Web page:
If you won’t accept that argument, and you shouldn’t, than you need to work hard to convince me that GaZa are bad and RiHa are good based on their small spread in CF%. I'm extremely uncomfortable making broad sweeping judgments about players based on their results in a few games, and sometimes even in a lot of games. Three years of data comes closer to telling the tale on a player, so 300 minutes is descriptive of what has been in a given set of circumstances, not who players are.

I'm a lot less comfortable with using just, or even mostly, CF% with defenders. Driving play, that is, getting the puck out of the defensive zone, through the neutral zone and keeping it in the offensive zone is important, but it’s a job that's done by every player on the ice in concert.

Defenders defend more in the defensive zone, and that's both an awkward sentence, and so obvious it shouldn't need to be said, but I weight defensive zone execution pretty highly when I look at defencemen. The best defensive play is the one you never have to make, but every team spends nearly half their time without the puck, so that pithy truism won't help you when you are standing there in front of an annoyed Frederik Andersen, deciding what to do next.

To move beyond just CF% for analysis, the most obvious step is to look at the two component, unrelated parts. There is no evidence skill at shots for correlates with skill in reducing shots against. So if we look at our four defenders in Corsi Against per 60 minues, we get: 58, 58, 58 and 62. The odd man out is Zaitsev.

That number 58 is exactly the Leafs team CA/60 this year and last year. While the Leafs rank better in that measure against other teams now than they did last year, they themselves haven't improved.

Raw pace of shots against is only part of measuring defence. Before there were expected goals formulas there was this idea (not mine) where you looked at the proportion of the shots against that are high-danger shots. The idea was that you could tell how tough or easy the goalie's job was with that defender in front of him. Now we can just look at Expected Goals Against which weights all shots and presents a clearer picture of the shot quality allowed.

For xGA/60, our guys turn in 3, 3, 2.6 and 2.5. Zaitsev is best here, with Rielly and Hainsey being equal at the bad end. And that difference? It could be nothing but random variance in a small set of shots against, or it could back up Babcock’s faith in GaZa defensively. That faith is relative. None of the these four players show up on the good end of a league-wide list of defencemen by this measure. They start around 30th place. That’s 30th worst for big minute defenders.

While it is true that CF%, particularly the adjusted variety, is more predictive of future success than expected goals, I'm not predicting, I'm describing, and as far as I'm concerned, defensively, these four guys are as indistinguishable from each other as four grey cats in the dark, despite what a lot of eye-tests are telling people.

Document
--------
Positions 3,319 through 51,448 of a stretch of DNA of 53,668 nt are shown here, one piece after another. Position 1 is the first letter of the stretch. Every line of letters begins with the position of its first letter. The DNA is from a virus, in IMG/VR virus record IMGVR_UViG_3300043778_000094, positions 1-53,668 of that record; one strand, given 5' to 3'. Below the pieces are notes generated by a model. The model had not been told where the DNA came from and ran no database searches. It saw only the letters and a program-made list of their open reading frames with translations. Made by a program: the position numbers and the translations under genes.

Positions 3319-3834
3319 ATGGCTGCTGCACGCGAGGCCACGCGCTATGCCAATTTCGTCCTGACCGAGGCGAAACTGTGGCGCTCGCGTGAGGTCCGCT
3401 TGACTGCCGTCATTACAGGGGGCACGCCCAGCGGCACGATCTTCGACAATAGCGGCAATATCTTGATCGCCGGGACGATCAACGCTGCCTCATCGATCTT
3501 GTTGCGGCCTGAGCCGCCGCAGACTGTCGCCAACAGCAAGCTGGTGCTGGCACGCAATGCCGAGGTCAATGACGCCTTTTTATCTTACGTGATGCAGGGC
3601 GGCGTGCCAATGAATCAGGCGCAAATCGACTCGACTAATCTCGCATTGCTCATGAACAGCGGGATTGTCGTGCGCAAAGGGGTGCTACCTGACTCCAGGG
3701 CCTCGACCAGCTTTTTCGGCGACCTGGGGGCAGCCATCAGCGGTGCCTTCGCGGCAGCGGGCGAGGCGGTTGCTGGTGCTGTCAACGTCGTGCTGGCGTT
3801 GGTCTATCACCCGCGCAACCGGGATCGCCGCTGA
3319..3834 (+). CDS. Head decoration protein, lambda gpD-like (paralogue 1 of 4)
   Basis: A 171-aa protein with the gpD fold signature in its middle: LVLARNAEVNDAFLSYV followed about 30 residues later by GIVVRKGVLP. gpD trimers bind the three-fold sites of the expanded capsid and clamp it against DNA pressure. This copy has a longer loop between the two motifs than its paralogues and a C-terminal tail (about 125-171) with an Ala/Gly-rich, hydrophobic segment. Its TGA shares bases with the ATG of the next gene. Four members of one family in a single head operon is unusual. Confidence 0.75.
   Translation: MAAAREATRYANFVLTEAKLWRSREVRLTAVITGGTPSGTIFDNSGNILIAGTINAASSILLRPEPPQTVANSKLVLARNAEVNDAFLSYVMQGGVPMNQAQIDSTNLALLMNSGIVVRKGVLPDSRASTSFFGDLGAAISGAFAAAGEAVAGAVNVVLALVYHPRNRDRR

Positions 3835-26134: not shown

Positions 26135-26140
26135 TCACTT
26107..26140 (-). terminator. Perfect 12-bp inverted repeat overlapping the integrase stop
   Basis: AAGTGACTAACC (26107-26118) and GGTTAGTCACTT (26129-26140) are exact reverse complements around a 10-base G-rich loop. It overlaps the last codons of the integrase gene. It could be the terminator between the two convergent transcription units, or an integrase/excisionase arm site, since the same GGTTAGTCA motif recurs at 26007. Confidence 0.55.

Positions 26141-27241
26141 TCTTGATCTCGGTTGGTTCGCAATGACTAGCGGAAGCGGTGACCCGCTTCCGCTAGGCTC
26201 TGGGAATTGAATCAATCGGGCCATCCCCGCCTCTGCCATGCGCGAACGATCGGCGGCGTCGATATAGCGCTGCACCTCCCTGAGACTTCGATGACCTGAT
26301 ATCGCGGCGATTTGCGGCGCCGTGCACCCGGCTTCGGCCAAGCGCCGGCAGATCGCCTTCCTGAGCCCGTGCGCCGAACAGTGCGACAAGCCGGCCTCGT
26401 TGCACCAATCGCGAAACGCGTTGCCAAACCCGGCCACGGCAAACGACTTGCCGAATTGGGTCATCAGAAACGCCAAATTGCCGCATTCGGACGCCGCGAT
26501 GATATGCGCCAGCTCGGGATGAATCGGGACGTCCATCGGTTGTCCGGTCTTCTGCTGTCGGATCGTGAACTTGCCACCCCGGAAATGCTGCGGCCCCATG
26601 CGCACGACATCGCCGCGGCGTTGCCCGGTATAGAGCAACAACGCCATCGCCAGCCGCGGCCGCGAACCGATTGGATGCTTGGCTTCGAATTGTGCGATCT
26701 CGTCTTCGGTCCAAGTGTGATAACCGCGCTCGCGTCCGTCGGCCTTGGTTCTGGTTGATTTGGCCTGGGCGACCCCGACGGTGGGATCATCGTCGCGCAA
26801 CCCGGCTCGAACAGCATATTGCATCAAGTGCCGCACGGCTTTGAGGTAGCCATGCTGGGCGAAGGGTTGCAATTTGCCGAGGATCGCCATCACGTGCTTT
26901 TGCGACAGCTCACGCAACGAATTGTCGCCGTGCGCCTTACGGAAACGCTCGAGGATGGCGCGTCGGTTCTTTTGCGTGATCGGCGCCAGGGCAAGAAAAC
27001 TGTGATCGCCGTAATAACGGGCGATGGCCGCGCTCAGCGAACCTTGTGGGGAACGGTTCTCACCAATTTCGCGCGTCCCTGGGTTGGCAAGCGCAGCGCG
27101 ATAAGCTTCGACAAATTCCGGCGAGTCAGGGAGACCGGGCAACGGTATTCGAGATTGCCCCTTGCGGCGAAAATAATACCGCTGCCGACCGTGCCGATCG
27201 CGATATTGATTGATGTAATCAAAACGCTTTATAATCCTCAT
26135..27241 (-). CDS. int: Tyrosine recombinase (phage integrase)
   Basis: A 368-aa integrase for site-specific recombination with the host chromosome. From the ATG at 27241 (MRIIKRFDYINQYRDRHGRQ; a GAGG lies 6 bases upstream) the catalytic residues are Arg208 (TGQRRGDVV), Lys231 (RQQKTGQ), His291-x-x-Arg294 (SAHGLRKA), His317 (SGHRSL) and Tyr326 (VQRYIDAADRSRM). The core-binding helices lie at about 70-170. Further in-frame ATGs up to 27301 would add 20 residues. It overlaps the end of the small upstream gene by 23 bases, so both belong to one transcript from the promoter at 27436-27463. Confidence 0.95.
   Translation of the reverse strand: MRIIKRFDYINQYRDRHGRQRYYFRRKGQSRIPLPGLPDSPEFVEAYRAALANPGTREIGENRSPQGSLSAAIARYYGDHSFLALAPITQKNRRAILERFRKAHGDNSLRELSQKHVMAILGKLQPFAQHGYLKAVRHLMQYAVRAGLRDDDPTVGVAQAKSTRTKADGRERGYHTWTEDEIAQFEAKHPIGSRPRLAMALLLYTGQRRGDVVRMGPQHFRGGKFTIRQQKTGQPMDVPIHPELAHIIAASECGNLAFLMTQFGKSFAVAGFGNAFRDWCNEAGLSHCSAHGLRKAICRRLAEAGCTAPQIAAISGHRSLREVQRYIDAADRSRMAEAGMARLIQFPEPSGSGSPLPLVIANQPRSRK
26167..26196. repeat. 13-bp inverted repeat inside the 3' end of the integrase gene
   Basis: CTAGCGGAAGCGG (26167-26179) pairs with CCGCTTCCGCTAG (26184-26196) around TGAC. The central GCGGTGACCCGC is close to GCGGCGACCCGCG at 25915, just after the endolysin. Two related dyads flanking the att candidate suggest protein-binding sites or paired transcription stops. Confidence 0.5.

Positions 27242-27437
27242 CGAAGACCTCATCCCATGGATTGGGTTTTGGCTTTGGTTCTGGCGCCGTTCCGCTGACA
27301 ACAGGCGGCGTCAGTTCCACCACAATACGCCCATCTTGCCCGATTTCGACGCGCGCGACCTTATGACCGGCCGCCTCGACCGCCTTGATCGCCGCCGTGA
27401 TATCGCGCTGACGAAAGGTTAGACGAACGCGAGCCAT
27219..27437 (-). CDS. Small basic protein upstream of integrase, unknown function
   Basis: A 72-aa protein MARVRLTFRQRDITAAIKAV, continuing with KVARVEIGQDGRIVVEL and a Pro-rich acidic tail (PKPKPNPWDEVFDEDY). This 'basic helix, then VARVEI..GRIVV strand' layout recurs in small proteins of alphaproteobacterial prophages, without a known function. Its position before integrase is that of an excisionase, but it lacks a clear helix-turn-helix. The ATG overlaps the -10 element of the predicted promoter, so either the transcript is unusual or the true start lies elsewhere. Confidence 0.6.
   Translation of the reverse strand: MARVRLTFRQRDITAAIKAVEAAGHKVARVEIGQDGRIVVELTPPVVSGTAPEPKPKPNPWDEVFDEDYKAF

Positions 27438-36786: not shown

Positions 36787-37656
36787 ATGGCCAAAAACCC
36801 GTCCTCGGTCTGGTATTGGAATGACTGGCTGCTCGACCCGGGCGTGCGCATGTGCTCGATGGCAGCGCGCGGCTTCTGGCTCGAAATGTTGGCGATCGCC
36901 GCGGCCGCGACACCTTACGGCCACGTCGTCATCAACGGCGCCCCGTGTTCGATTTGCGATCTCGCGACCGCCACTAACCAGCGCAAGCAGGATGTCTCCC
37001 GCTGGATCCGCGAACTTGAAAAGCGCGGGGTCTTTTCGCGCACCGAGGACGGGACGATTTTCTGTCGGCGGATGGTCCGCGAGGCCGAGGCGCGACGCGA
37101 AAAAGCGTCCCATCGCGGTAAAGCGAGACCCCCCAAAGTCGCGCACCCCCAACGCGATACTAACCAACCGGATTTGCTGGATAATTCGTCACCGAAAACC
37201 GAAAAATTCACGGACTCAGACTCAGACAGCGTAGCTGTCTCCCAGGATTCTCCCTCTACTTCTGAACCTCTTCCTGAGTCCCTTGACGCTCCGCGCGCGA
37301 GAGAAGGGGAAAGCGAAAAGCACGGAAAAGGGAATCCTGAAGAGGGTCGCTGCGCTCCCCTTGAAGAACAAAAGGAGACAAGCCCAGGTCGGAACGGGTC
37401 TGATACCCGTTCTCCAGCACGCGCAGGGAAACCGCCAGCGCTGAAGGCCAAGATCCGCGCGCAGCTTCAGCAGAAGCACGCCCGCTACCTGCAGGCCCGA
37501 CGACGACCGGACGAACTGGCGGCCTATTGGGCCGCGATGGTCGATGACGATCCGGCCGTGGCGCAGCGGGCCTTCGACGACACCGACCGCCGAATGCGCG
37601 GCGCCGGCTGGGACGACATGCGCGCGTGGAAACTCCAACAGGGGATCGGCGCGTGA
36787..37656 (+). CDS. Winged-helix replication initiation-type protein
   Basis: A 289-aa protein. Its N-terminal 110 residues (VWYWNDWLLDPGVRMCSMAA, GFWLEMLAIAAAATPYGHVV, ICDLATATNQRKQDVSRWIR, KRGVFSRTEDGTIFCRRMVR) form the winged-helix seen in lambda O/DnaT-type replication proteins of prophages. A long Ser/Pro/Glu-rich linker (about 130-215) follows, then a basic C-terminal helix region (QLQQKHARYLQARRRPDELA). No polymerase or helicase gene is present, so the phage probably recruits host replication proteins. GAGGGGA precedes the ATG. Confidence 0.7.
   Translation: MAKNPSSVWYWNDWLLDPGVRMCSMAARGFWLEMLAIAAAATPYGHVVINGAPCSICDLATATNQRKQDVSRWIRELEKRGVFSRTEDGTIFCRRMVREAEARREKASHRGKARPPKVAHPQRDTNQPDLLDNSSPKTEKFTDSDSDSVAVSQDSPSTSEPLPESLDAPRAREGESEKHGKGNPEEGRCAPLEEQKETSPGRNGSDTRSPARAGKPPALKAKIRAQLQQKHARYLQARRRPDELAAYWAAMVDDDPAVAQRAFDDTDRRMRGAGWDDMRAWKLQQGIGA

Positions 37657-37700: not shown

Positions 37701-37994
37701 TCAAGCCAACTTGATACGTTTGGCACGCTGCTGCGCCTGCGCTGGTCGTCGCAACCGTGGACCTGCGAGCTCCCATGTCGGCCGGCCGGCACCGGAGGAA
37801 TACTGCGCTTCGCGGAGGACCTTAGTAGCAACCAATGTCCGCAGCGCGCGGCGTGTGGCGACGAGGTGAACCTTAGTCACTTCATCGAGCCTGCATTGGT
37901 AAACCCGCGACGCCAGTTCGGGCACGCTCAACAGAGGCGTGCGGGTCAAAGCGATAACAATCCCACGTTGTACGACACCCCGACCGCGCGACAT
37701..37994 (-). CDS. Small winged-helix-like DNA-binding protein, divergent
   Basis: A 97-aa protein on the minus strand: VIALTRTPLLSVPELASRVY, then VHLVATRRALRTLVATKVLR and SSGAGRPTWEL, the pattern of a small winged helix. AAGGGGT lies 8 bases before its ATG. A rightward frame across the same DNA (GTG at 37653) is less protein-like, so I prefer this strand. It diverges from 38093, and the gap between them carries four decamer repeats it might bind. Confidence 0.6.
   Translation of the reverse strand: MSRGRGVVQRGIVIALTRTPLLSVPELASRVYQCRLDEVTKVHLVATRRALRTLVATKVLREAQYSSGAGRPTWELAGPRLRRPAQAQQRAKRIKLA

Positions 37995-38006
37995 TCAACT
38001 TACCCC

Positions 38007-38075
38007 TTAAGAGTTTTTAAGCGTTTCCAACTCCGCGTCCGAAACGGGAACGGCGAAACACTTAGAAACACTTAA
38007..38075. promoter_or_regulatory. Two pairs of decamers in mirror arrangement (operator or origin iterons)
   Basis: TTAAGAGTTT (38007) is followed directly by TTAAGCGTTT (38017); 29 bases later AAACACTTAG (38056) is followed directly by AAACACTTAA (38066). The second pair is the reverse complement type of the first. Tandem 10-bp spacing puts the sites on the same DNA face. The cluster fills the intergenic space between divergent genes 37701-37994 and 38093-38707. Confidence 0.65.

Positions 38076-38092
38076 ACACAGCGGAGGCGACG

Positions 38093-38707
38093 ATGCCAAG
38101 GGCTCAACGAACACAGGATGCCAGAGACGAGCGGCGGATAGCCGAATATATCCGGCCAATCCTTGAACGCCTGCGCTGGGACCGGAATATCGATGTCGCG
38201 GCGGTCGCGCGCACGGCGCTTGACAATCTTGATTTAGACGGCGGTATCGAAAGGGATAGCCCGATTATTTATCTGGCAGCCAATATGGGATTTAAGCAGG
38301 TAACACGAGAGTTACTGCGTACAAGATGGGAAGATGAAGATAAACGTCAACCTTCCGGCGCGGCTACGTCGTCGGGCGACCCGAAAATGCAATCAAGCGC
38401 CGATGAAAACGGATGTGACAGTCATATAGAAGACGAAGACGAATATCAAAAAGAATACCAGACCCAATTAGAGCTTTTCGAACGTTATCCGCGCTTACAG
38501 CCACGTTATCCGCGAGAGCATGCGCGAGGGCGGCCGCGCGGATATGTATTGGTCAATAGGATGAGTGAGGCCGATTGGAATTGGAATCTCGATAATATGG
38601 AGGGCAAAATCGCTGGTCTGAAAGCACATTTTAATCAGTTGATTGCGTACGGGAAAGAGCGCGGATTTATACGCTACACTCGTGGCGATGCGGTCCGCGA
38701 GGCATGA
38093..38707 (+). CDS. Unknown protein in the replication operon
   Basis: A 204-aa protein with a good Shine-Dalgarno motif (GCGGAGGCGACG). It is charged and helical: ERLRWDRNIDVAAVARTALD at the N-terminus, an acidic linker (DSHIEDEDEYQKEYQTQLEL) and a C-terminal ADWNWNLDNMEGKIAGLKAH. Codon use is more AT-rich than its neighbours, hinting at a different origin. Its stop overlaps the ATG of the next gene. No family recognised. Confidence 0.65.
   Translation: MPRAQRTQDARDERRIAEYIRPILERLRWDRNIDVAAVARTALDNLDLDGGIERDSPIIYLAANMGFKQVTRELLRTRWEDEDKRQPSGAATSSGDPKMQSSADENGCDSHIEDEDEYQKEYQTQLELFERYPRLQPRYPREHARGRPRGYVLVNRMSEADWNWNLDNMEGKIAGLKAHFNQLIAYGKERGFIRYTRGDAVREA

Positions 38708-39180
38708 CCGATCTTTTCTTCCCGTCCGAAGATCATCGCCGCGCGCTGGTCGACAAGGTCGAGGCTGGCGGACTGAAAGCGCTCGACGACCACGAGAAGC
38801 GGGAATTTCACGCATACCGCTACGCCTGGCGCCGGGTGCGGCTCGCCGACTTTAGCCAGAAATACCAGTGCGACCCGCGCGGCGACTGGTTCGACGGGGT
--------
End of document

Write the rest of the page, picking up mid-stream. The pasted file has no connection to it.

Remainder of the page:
But you see where I'm going, don't you?

Offence is for defencemen too

If our four defenders all have very similar rates of shots against, but different, CF%, then we know where we should be looking for the distinction between them: the CF/60. Right now, it is 53, 55, 62 and 64. The order there is Gardiner, Zaitsev, Hainsey and Rielly. The spread between best and worst is much larger here, and in real numbers is 30 shots more for Rielly than Gardiner, while Gardiner has been on-ice for more minutes. That's not even two shots per game, however. This isn't the difference between winning and losing the game every night, but to see Gardiner so low on offensive pace is very odd.

We know who else has been sluggish offensively, and you might expect the explanation to be that GaZa is on the ice with the Bozak line or the fourth line a lot. If you’ve read other analysis of GaZa, you already know that's not it. The actual answer is mostly their failure to execute well with the Kadri line.

Here is a somewhat complicated chart that show this:

Farther to the right is better shots for. Farther up is better shots against.

What you should notice is that down in the bottom left, 51 with 43, 47 and 12 is really bad. This combination is accounting not just for the terrible Corsi For Gardiner has, but also most of his not stellar Corsi Against. With the Matthews line, the results are okay, not great, and the Bozak line's troubles have had a small but still real impact on Gardiner's offensive average. (The obscured combination in the bad area is 22, 51 and 28.)